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Why you don't improve in English 📉

Have you ever felt like you're walking but not moving forward?


Like you speak a language at an intermediate level but are not getting better?


You are not alone.


Let's dive into why you don't improve in English as an intermediate learner and what we can do about it.


When we start, we learn quickly. New words and phrases come to us like gifts every day. Our skills grow fast.


But then, something happens.


We hit a wall. We enter what I like to call the 'intermediate plateau'.


This is where many learners find themselves stuck.

English intermediate plateau

Why does this happen?


Let's break it down.


In the beginning, improvement is fast. Everything is fresh and easy to pick up. There is a lot to learn, and learning comes easily.


Progress slows down when we reach the intermediate level.


By this time, we can do a lot with the language already. So, we often stop learning with passion.


Also, because we already know the most common vocabulary, it's harder to find the less common words around.


As a result, the effort to improve must go up: You have to dedicate more time to studying, more time to practising and generally learn harder.


It basically becomes like work.


Sounds familiar?


Because of this, learners end up in what we can call the 'comfortable' zone of learning.

No progress in English

In the comfort zone, you make 0 progress because it's not hard enough for you to make adaptations.


It's like exercising. If you always lift the same comfortable weight, your muscles will have no motivation to grow.


I've had many clients behaving this way.


They have busy lives and don't want English to feel like work.


So whenever they read anything in the target language, they're distracted and don't focus.


Whenever they watch a film or video, they don't really listen.


Whenever they find a new word, they don't notice it and don't write it down.


On the other hand, some people push too hard.


These people want fast results and go all in from day one.


They start books, applications, movies, podcasts and other activities but very soon they burn out and give up.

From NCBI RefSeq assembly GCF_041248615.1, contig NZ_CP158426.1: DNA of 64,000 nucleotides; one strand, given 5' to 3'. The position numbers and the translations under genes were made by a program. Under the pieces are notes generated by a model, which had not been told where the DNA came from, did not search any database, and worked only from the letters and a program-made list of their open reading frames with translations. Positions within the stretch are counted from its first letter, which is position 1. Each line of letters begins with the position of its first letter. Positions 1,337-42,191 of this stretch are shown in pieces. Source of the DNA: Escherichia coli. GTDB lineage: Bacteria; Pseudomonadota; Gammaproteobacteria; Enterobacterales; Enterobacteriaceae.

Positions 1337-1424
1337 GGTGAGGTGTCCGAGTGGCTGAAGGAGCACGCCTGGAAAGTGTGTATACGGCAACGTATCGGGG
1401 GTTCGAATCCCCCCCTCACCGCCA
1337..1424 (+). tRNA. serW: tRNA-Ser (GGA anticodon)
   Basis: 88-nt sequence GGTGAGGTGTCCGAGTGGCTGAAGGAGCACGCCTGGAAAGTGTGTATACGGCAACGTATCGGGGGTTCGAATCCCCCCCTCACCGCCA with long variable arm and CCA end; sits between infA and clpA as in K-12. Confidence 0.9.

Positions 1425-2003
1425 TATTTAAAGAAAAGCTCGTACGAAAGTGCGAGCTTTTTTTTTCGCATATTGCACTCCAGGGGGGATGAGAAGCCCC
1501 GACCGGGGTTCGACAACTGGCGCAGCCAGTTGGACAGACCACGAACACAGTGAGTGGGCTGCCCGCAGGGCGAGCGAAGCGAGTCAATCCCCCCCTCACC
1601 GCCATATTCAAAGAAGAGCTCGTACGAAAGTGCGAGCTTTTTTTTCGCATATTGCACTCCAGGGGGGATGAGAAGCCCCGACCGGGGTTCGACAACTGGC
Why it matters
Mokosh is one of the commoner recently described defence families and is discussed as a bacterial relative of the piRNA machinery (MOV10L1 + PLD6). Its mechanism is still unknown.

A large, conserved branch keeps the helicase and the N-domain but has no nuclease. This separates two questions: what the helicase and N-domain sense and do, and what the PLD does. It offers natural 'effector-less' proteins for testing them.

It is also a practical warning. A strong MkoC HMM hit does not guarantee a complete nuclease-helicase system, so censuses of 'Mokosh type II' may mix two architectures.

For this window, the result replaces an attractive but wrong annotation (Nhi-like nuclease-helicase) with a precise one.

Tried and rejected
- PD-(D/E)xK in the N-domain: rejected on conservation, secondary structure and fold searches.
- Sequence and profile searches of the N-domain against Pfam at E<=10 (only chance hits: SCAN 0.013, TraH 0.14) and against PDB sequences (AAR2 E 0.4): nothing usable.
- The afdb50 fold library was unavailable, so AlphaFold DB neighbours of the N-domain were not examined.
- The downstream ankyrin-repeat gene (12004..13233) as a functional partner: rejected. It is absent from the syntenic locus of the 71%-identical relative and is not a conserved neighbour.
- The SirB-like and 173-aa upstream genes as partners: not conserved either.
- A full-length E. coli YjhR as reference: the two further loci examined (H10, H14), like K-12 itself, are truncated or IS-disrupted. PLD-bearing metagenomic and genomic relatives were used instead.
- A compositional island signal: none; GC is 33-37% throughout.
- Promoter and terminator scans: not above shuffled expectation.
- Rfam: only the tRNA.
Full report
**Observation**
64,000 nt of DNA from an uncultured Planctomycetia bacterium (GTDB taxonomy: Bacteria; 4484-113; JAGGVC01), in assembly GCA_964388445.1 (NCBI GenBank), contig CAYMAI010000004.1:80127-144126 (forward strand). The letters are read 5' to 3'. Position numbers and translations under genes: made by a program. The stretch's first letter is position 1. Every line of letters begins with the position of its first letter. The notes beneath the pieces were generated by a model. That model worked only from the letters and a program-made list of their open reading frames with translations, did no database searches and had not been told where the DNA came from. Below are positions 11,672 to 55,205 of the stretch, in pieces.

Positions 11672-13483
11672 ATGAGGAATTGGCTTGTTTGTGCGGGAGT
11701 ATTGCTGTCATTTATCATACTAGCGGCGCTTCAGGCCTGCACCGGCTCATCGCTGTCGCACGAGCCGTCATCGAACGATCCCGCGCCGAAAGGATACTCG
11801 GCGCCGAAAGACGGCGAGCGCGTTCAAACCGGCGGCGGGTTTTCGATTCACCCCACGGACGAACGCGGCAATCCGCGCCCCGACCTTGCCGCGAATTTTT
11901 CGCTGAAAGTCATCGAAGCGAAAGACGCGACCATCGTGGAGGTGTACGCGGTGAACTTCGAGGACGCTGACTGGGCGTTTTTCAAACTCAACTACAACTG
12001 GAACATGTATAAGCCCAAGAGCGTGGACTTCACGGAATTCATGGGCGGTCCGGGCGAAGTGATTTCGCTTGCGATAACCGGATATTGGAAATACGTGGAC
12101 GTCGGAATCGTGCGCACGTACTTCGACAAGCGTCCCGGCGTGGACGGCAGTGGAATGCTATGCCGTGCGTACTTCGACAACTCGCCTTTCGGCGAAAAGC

So, what is the solution to this?


Well, that's a good question.


And as my granny used to say, the truth is often in the middle.


Or better, slightly beyond the middle in this case.


What we should aim for is the "Sweet Spot"


A little beyond comfortable but not too hard.


As I often say to my clients, the sweet spot should feel a little like work, but not so much.


Let's see three tips to help you find your sweet spot:


Challenge Yourself

Pick activities that are a little harder than what you're doing now.


For example:


  • Watching TV series passively? ➡️ Start taking notes of 5 new words or expressions.

  • Watching videos one time only? ➡️ Start watching the same video twice.

  • Listening to podcasts passively? ➡️ Choose a podcast that has transcripts and read the transcript after listening to it.


Mix It Up


Many of my clients only do the same activity. And then wonder why they don't improve.


For example, are you watching TV series only?


The best thing you can do in that case is to start creating language as well, not just passively consuming it.


As a suggestion, start writing a short daily diary in your target language.


It doesn't have to be too long, just add a few prompts to help you get started. Here's a template I often use with my clients:


  • Today I...

  • Tomorrow I want to...

  • I feel...


When you write the diary, try to use the new words you've discovered during the week.


Find New Material


If you always do the same stuff, your brain will get used to it and become comfortable.


When you find yourself in this situation, try to look for different resources to learn from.


For example, don't be afraid of changing the book you're reading or the TV series you're watching before it ends.


It's much more important that you give your brain new stimulus than to finish anything.




Remember that we need to keep moving out of the 'comfortable' zone and aim for the 'sweet spot'.


Where learning starts feeling like work but doesn't overwhelm us.


That's where true learning happens!


So, don't be discouraged if you feel stuck.


It's just a sign to change how you learn.


Push yourself a little more, and soon, you'll see the progress again.


Until next time, keep finding your sweet spot, and don't be too comfortable.


Yours truly,



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